Yom assal, yom bassal: One day is like honey, one day is like an onion.
El khonfessa fe-e ou e she-e omm ghazal: To the cockroach, its child is like a gazelle.
This article originally appeared in PROLOGUE, the Denver Center Theatre Company subscriber newsletter.
Hal Brooks has a highly diverse list of directing credits. Most recently, he staged Will Eno’s Off-Broadway Pulitzer finalist THOM PAIN (based on nothing) at the Edinburgh Fringe Festival, at the Soho Theatre in London, and at the DR2 in NYC. The Whale, a new play written by Idaho native Samuel Hunter and developed at the Colorado New Play Summit in February 2011, presented some major production challenges for the director, many of which Prologue won’t reveal—to avoid spoilers. Brooks and Hunter were introduced to each other by their respective agents and have spent hours on the phone, by e-mail, and in person at New York casting sessions for The Whale, preparing for the play’s Denver Center Theatre Company (DCTC) premiere. We recently chatted with Brooks to get some insight into his working process, his collaboration with Hunter, and his thoughts on his first DCTC project.
DCPA: You’ve been associated with particular playwrights, such as Nilaja Sun, Don DeLillo and others, but you’ve also free-lanced a good deal. You seem to specialize in staging new and challenging work. How do you pick your projects?
HB: When I did Delillo’s Valparaiso a few years back, we had a nice [New York] Times review and I got a lot of meetings out of it. Tim Sanford [Artistic Director of Playwrights Horizons] advised me to “find my writer.” And then I met Will Eno and I felt I had found my writer. But truly, as much as I would work with Will anywhere, anytime, realistically I need to keep working when I cannot direct his work—so I’ve modified Tim’s advice to read “find your writers,” plural. I’m always on the lookout for new voices. I’m constantly reading new plays, meeting writers. My agent, Val Day, does a great job of introducing me to new writers too. She was instrumental in putting me together with Sam Hunter for DCTC’s premiere of The Whale. I’m really excited about this project. I think Sam Hunter has become one of my writers.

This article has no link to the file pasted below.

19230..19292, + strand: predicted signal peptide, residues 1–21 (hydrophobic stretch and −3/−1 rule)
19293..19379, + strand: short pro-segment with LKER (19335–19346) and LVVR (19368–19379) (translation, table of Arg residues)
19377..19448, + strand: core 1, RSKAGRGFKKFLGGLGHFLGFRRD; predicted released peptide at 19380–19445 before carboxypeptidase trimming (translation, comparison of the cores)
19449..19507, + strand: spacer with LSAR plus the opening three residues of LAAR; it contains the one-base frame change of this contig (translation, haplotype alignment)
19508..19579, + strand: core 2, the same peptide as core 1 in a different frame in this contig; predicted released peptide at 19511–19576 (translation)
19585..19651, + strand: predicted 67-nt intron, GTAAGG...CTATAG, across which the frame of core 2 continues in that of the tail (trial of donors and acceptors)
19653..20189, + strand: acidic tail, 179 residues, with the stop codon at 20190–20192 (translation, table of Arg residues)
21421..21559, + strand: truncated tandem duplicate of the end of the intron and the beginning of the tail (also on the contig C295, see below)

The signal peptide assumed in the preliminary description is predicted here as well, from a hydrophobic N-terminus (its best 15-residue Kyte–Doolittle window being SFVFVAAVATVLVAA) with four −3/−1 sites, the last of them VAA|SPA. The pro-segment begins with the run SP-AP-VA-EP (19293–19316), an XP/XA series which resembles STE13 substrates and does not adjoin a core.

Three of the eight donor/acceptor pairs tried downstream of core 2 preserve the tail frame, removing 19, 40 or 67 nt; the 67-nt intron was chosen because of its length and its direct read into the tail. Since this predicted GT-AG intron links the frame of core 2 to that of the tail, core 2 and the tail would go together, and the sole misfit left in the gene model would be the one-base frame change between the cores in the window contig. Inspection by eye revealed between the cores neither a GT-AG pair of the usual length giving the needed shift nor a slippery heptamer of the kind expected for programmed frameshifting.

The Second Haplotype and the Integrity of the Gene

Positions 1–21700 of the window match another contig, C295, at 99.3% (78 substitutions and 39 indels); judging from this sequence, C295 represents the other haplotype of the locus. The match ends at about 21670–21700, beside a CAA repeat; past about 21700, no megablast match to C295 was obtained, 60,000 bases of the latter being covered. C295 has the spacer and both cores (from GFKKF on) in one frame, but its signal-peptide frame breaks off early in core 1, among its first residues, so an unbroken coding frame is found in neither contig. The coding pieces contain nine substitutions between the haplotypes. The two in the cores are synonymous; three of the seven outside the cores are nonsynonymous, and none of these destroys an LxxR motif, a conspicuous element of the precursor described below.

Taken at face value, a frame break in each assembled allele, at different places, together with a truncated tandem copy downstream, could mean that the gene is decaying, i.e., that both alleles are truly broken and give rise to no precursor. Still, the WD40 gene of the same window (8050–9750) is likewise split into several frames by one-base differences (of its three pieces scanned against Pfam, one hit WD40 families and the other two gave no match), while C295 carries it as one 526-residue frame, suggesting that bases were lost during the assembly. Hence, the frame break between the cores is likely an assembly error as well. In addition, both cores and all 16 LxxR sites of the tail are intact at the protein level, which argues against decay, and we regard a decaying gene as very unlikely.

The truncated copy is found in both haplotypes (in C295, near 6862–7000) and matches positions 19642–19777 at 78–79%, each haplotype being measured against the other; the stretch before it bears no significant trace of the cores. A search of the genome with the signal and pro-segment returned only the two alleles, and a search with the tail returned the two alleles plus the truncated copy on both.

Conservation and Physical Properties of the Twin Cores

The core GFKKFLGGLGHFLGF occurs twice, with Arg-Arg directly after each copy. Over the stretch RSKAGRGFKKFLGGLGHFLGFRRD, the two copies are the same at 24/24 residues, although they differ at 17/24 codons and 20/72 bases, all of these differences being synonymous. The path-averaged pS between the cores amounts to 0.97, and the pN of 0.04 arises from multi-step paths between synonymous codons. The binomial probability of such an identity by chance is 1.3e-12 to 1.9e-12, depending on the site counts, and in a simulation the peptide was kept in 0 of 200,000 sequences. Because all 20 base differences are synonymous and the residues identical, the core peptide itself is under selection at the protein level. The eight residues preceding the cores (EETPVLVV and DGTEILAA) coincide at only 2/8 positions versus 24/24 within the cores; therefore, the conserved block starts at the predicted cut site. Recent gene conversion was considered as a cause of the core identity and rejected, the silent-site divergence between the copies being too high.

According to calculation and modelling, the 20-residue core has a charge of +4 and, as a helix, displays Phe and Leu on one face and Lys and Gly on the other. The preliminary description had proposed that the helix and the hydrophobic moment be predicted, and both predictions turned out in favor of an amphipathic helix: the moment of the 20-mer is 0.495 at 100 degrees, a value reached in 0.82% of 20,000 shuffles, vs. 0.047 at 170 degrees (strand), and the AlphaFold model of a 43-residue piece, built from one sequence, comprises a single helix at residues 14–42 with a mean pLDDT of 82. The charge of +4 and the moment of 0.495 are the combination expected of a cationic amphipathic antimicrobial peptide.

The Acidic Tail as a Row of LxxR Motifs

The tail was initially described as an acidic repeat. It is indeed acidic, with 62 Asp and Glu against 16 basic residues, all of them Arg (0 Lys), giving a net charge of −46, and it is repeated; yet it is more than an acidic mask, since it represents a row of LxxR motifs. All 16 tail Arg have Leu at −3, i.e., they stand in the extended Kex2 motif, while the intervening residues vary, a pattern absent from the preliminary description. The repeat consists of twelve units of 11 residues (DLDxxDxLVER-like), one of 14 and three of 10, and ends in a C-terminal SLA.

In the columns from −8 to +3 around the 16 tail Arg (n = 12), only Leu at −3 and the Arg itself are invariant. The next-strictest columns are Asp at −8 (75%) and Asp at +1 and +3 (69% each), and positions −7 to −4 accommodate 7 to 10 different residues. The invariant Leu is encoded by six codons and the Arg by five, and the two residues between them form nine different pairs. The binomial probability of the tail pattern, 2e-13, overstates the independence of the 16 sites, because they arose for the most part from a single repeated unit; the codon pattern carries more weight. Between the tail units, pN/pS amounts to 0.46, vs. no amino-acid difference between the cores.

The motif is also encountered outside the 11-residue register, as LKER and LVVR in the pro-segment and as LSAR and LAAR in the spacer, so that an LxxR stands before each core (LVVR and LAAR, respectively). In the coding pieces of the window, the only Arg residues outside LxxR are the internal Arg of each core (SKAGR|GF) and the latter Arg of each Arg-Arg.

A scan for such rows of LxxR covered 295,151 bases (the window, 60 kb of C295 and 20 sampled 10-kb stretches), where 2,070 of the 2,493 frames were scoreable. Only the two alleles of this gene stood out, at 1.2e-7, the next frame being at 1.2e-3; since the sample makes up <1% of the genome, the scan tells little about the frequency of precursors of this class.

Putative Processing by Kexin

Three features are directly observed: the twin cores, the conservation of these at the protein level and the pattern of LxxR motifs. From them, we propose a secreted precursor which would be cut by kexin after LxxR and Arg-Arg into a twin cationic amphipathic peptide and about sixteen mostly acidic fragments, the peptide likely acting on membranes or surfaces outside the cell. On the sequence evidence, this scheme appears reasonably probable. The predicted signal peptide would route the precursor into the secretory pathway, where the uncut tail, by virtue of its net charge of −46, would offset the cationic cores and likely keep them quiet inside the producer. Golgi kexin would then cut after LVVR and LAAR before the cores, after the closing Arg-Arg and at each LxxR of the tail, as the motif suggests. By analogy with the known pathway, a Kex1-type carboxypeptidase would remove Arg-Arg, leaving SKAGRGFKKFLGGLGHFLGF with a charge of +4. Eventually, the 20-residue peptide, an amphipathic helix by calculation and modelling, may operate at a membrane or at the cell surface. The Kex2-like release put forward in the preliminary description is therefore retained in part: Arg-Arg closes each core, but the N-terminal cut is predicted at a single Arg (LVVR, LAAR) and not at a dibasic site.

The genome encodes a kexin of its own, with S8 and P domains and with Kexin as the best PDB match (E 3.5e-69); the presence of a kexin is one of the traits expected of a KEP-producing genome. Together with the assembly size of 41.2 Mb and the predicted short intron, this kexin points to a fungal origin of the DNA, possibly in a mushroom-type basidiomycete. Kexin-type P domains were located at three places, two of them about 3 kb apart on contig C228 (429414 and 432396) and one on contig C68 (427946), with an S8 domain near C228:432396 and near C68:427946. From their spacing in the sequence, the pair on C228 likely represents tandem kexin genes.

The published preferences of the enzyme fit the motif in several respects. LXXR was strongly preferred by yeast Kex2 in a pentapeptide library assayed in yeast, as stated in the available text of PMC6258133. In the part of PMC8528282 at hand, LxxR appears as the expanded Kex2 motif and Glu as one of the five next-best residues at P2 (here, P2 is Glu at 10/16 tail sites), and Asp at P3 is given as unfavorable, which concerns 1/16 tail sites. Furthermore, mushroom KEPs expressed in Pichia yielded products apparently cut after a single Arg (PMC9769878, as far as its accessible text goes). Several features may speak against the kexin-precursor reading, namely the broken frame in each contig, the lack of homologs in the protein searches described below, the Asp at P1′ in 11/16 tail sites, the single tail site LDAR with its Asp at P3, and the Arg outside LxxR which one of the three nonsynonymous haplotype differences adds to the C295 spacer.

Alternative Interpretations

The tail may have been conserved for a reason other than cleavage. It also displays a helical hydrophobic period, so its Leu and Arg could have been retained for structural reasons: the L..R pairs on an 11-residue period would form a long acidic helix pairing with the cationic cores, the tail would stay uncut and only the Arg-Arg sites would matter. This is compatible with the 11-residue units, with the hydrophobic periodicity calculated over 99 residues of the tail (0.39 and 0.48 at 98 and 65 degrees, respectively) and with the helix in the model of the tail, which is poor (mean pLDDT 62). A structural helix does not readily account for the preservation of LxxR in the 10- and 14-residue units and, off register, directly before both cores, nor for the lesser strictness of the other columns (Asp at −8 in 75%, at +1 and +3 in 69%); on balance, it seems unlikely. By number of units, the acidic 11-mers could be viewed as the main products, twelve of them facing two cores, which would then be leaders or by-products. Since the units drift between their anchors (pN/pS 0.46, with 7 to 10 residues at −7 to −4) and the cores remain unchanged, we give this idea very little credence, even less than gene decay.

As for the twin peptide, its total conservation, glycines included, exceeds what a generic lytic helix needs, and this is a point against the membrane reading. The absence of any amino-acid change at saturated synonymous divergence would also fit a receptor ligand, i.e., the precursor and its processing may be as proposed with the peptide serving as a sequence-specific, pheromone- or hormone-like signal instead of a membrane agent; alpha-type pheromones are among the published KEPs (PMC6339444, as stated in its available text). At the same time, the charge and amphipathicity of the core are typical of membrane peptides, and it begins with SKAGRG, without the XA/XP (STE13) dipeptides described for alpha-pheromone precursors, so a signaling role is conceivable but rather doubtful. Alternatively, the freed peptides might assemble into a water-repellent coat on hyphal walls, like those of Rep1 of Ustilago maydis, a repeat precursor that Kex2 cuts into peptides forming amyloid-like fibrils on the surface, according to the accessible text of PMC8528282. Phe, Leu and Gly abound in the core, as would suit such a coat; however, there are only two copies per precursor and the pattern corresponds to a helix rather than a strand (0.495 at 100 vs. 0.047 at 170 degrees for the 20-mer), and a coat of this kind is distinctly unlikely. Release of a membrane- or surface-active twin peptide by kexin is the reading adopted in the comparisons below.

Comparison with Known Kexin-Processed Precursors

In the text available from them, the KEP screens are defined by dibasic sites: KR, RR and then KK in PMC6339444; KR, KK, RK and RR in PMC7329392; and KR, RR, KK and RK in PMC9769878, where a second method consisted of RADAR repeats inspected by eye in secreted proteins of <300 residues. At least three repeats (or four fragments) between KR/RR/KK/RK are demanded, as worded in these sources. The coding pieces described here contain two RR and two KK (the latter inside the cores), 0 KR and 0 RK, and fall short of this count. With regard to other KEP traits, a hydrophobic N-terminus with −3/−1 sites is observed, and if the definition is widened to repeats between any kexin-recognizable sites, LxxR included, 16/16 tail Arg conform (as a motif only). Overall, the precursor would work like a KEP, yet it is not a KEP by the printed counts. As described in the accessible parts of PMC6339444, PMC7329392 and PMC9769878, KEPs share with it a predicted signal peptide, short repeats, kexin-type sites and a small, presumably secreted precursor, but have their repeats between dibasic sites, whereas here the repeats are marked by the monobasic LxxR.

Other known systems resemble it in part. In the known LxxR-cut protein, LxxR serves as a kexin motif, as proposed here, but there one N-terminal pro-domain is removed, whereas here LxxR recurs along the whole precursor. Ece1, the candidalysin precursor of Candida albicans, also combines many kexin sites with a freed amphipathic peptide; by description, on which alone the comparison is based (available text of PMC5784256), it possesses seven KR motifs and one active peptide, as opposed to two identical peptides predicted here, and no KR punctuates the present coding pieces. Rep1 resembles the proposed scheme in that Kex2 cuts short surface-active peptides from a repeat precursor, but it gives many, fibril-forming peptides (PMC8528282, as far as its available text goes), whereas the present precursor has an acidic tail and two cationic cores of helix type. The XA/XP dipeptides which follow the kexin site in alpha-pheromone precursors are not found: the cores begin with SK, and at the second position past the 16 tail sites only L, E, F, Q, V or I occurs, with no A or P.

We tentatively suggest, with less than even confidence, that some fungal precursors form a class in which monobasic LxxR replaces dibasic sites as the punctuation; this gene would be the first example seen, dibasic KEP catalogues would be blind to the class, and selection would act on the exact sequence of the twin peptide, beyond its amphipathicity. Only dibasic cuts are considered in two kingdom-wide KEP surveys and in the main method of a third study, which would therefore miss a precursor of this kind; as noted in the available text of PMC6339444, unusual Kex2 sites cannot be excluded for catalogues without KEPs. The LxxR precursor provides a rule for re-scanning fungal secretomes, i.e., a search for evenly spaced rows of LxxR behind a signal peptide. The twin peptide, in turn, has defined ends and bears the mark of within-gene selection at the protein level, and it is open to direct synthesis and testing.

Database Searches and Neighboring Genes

DCPA: I’m sure each project has its own unique requirements—do you have an overall approach to directing?
HB: I always think the job of a director is twofold: honor the intent of the playwright, and tell a good story—or tell the story well. So in that sense the job remains the same. I’ve directed a play with a cast of thousands and budget of hundreds—but no matter the play or the budget, the need is to tell the story in the best way we can, with the resources we have. And The Whale presents huge challenges: how to tell this difficult story, full of anguish and pain and humor and humanity, to a new audience every night? How can the actors, with my help, find a way to make their characters real for themselves? Accessible to the audience? How to make the story matter?
DCPA: Can you tell me something about your working process with Sam Hunter?
HB: Sam and I get along very well—I’m experienced with developing and directing new work, and Sam is an exciting young writer who loves to keep working on his plays—modifying the script to accommodate actors and production needs. Sam is enjoying considerable success of late—his play A Bright New Boise has gotten fantastic reviews in both New York and Washington D.C., but his focus remains on the work. So—we do well together, since we both like to keep developing and refining the script.
DCPA: You two auditioned actors for The Whale in New York recently—did you see eye-to-eye on the actors who came in to read?
HB: We did! We saw some great people out there, and were pleased that we were able to get the cast we wanted. The central role of Charlie is especially challenging, and we were very lucky to find the right actor. We both knew who we wanted the minute he came in the door.
DCPA: In addition to last season’s Summit workshop of The Whale, the play had a reading last summer at Icicle Creek in Washington state—outside of the Denver Center process. Did Sam do any major rewrites as a result?
HB: Sam is always rewriting, based on what he sees in a reading or rehearsal—he’s always looking to focus the work, the characters. One thing that came out of the Icicle Creek reading was that he decided that he needed to put the kitchen of the lead character Charlie’s apartment onstage, for dramatic reasons. Originally the set was confined to Charlie’s living-room. This makes for some challenges for the set designer, but it helps move the play forward in an important way.
DCPA: Sam has set The Whale, like some of his other plays, in his native Boise, Idaho. His characters are mostly everyday people, in a generally conservative, small town environment. How does he find drama in what might seem overly familiar and in conventional settings?